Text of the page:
Deaths raise safety concerns

The International Federation of Journalists has called on media organisations to act to minimise the risk to reporters covering the conflict in Afghanistan following the killing of three journalists in an ambush on Sunday.

"Journalists must not go into areas that have not been secured," said Aidan White, general secretary of the IFJ. "These colleagues apparently died following a lead from a Northern Alliance commander who said he was taking them into an area the Taliban had surrendered. In fact, it was a trap." French journalists Johanne Sutton, 34, of Radio France Internationale, and Pierre Billaud, 31, working for the Luxembourg-based RTL network, and a German freelance, Volker Handloik, 40, reporting for Stern magazine, were among a group of six journalists travelling on the roof of an armoured personnel carrier that was fired upon close to the frontline in north-eastern Afghanistan.

The three were apparently dislodged from the carrier and shot by Taliban forces while the others escaped.

According to Australian journalist Paul McGeough, one of the survivors, they had been invited by an Alliance commander, Amer Bashir, to visit a ridge captured from the Taliban. He said the personnel carrier came under fire from three directions.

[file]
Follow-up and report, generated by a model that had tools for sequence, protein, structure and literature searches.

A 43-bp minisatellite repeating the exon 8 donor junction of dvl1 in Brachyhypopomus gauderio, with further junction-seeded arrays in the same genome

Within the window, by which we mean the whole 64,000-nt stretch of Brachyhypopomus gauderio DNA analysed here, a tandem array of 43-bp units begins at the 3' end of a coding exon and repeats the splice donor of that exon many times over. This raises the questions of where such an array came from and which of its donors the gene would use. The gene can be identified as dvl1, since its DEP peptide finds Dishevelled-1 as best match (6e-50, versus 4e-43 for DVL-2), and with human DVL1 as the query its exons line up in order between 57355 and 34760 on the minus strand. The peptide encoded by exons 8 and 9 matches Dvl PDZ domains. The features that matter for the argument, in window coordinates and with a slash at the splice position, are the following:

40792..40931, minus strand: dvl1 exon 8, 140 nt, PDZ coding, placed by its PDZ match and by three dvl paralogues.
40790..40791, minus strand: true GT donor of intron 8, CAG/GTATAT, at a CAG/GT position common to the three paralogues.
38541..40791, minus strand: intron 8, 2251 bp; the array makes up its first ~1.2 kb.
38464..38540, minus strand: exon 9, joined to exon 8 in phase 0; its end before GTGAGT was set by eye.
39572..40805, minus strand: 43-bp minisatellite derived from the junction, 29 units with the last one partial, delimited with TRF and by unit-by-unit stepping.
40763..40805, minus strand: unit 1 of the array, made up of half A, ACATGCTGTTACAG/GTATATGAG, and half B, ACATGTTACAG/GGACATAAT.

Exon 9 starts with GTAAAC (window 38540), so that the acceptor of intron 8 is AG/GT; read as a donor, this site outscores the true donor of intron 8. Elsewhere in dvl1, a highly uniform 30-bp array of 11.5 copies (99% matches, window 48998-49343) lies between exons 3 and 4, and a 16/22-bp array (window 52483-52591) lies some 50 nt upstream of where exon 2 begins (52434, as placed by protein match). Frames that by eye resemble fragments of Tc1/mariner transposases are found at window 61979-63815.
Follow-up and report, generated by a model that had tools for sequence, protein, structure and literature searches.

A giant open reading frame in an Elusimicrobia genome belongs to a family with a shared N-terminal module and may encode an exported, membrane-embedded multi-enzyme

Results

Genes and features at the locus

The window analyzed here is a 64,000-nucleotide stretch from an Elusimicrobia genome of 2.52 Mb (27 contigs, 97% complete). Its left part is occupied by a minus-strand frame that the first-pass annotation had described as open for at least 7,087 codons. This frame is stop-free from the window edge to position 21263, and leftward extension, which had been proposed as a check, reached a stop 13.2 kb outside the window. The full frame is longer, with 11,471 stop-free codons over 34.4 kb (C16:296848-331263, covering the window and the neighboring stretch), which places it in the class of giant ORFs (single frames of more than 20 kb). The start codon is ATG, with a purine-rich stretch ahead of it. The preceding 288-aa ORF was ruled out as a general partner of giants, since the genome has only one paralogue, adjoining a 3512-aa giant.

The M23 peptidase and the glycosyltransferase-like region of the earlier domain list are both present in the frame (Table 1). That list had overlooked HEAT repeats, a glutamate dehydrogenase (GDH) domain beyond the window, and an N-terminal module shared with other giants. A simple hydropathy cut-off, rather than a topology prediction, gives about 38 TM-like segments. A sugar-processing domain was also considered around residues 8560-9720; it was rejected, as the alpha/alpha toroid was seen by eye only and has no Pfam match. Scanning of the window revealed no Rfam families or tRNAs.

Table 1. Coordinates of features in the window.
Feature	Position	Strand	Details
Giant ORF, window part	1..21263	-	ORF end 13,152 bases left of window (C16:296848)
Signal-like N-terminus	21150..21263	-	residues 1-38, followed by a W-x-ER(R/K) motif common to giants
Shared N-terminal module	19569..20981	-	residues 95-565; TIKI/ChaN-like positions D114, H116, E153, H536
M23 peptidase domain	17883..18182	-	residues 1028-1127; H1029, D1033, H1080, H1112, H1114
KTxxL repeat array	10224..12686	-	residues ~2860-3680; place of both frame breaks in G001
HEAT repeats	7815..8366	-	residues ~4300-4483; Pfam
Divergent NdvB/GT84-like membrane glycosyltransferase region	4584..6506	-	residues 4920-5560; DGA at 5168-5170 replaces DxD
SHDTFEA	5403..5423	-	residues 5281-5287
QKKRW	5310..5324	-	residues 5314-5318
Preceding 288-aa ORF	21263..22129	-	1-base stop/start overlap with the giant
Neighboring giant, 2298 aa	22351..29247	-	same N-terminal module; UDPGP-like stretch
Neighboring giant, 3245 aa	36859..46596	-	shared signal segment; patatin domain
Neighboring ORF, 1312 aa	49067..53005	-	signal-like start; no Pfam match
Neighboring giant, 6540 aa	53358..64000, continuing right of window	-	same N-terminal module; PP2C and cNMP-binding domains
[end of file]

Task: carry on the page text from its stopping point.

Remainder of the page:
McGeough said the carrier lurched violently and Handloik, who had been sitting beside him, was thrown through the air. He was later found to have been shot through the head.

In an article for the Sydney Morning Herald, McGeough wrote: "We are here by choice and we all took the calculated risk of riding into the night with Commander Bashir." The IFJ said: "These journalists died tragically trying to cover a story that all the world wants to know about, but they should not have been put at risk."

The IFJ has again called on all media to follow the international codes adopted by major news groups for the safety of journalists and media staff.

"No story is worth a life," said the IFJ. "Journalists and media organisations must make sure that safety is the first concern, particularly in this uncontrolled and ill-disciplined form of warfare." lThe IFJ has expressed concern that the media may be a target after the Kabul office of Arab satellite television network al-Jazeera was destroyed by a US bomb shortly before Northern Alliance forces entered the city. Managing director Mohammed Jassim al-Ali said its 10 staff were believed to be safe but their whereabouts were unknown. The missile also damaged offices of Associated Press and the BBC.

By Jon Slattery

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